March 2011 was a telling month in Syria. The events of that month - and those of the months and years that have followed - have defined a generation, not only in the Middle East, but across communities around the world.  In March 2011, I had only reached the halfway point of my education at the University of Ottawa. Much of that time had been spent outside of campus, doing field research in South Africa, at co-op terms in Public Safety Canada and CIDA, in the bustling classrooms of Bangladesh’s BRAC University and, that spring, in Paris.

Read more from Sepideh

Shantelle Binette

Graduated 2014, Honours BA in Development and Globalization
Ginette Gautreau

I am currently working with the Mennonite Central Committee (MCC) as a Network Capacity Builder for partner organizations in Rwanda. In that capacity, I’m helping to strengthen the planning, reporting, monitoring and evaluation capacities of five organizations in Rwanda who are collaborating on a major food security/sustainable agriculture project funded by MCC and the Canadian Foodgrains Bank. That work includes gathering input from stakeholders (participants, farmers, extension workers) to incorporate into the planning for the next phase of the project, and helping to design a monitoring system to capture and reflect all that is happening.

Read more from Shantelle

Anca Paducel

Anca H. Paducel

Graduated 2011, Honours BA in Development and Globalization (Co-op option)

In 2011, I graduated from the School of International Development and Global Studies at the University of Ottawa with an Honours Bachelor of Social Sciences in International Development and Globalization (CO-OP). That same year, just shortly after my graduation, I moved to Geneva (Switzerland) to pursue a Masters in International Relations and Political Science at the Graduate Institute of International and Development Studies, where I continued on with a Ph.D. in the same discipline. In September 2017, I successfully defended my Ph.D. thesis, which evaluates, using a randomized field experiment, whether and how intergroup encounters may affect competitive victimhood beliefs that are a source of ongoing armed conflict and an impediment to intergroup reconciliation. The research was carried out as part of a conflict prevention project entitled, “Bumbatira Amahoro – Keeping the Peace: Engaging Youth Leaders to Prevent Conflict in Burundi”, that was implemented around the 2015 elections in Burundi.[1] Just as I was completing the Ph.D., I was presented with the rare opportunity to join the monitoring and evaluation team of the Office of the Inspector General at the International Organization for Migration in Geneva as an Associate Evaluation Officer, where I continue to work today.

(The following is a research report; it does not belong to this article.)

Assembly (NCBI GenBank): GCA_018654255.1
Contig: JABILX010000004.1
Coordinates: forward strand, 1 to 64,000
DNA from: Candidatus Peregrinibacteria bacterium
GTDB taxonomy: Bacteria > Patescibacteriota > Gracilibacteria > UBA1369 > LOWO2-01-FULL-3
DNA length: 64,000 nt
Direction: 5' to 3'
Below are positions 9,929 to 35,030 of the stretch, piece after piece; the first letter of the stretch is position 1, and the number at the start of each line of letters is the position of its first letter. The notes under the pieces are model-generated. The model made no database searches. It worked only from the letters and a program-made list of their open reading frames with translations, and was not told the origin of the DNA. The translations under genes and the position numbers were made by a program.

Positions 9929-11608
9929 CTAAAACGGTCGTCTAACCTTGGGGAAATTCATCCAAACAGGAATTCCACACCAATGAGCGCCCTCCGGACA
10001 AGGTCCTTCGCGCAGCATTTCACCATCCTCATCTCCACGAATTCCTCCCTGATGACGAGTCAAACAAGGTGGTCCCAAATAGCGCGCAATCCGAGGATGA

Read more from Anca

 

Ginette Gautreau

Ginette Gautreau

Graduated 2014, MA in Globalization and Development (Co-op option)

Like most students, when I was about to wrap up my MA degree, I started getting worried about my job prospects with every passing month (or maybe that’s just me, I am an obsessive planner!). I decided as I began writing my thesis in third year that I would start keeping an eye on job postings and apply here and there for those that appealed to me. I had completed all my coursework, and two co-op placements with DFATD and I wanted to set myself up for a smooth transition into my career.  The door opened for me in the form of an office manager position with the Humanitarian Coalition.

Read more from Ginette

Sarah D'Aoust

Sarah D'Aoust

Graduated 2012, MA in Globalization and Development; 2009 Honours BA in Development and Globalization (Co-op option)

When I decided to pursue my studies in International Development at the University of Ottawa I wasn’t sure where I would end up! I hoped that eventually I would land a job that was related to my field of study, where I could have a tangible, positive impact. After undergrad, the job prospects weren’t very promising, so I thought it would be a perfect time to do my MA. I was looking forward to learning more about development, and doing some original research of my own.

Read more from Sarah